During a visit to Paris on Monday (Nov. 30), Prince Charles paid his respects to the victims of the horrific attacks that rocked the French capital on Nov. 13. The Prince of Wales expressed his "deepest sympathy and solidarity" with the French people while delivering an acceptance speech for the François Rabelais Prize at the French Institute.
"I can only begin by saying how heavy my heart is at the dreadful anguish suffered by those who lost their loved ones," said Charles. "My deepest sympathy and solidarity are with the French people."
The prince, 67, added, "Against a background of such inhuman violence and terror, it is almost impossible to talk sensibly about matters of everyday civilization. Yet that is what I propose to do because in the face of such awfulness it may help to be reminded of the simple and timeless human values that lie at the heart of our society."
Charles made the comments as he accepted the prize for his organic farming and global protection work. As well as being honoured with the prize, Charles also opened the UN Climate Change Conference in Paris on Monday morning.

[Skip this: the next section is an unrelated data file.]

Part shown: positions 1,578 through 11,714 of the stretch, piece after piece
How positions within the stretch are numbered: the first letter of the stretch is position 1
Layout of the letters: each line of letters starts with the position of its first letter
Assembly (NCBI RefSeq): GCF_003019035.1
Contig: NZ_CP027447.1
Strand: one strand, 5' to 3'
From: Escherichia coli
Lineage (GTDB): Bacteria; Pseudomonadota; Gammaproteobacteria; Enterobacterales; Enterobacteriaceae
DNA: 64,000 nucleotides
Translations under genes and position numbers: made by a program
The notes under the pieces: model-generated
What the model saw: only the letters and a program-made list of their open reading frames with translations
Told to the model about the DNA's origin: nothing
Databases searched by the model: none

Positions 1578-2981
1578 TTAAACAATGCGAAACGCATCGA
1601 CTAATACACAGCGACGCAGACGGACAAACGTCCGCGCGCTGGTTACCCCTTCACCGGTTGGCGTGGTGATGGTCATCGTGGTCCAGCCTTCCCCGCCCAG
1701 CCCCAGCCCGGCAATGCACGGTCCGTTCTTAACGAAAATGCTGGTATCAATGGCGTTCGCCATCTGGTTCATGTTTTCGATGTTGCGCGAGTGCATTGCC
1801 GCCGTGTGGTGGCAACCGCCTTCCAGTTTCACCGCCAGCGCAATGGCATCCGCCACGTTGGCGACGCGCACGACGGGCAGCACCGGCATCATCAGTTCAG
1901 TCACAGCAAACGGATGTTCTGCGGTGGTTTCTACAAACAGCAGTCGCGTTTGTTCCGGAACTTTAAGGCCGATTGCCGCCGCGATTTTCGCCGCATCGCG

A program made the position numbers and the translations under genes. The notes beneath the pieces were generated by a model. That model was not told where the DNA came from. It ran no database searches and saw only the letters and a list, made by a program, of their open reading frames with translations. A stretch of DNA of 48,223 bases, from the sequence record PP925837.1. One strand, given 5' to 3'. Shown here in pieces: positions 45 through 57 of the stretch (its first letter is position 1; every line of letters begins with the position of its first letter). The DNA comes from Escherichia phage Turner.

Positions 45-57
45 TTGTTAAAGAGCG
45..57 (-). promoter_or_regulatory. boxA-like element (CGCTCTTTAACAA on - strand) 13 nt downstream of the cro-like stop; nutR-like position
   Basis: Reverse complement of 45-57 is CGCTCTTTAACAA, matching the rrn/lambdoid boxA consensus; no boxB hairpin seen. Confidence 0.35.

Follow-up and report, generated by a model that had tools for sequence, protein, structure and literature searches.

Speaking passionately, the prince urged delegates including David Cameron, Barack Obama and French President François Hollande to take immediate action to tackle climate change on behalf, "not only of those alive today, but also of generations yet unborn."
The Prince of Wales is not the only member of the Royal Family to voice his support to France in light of the recent terror attacks; the Duke and Duchess of Cambridge signed a book of condolences at the French Embassy, with William later leading a minute's silence during a football match between England and France at Wembley Stadium.
Meanwhile British Prime Minister David Cameron joined President Hollande to pay his respects to the victims of the attacks during a recent visit to Paris, where they visited the Bataclan Concert Hall before holding meetings to discuss the fight against terror.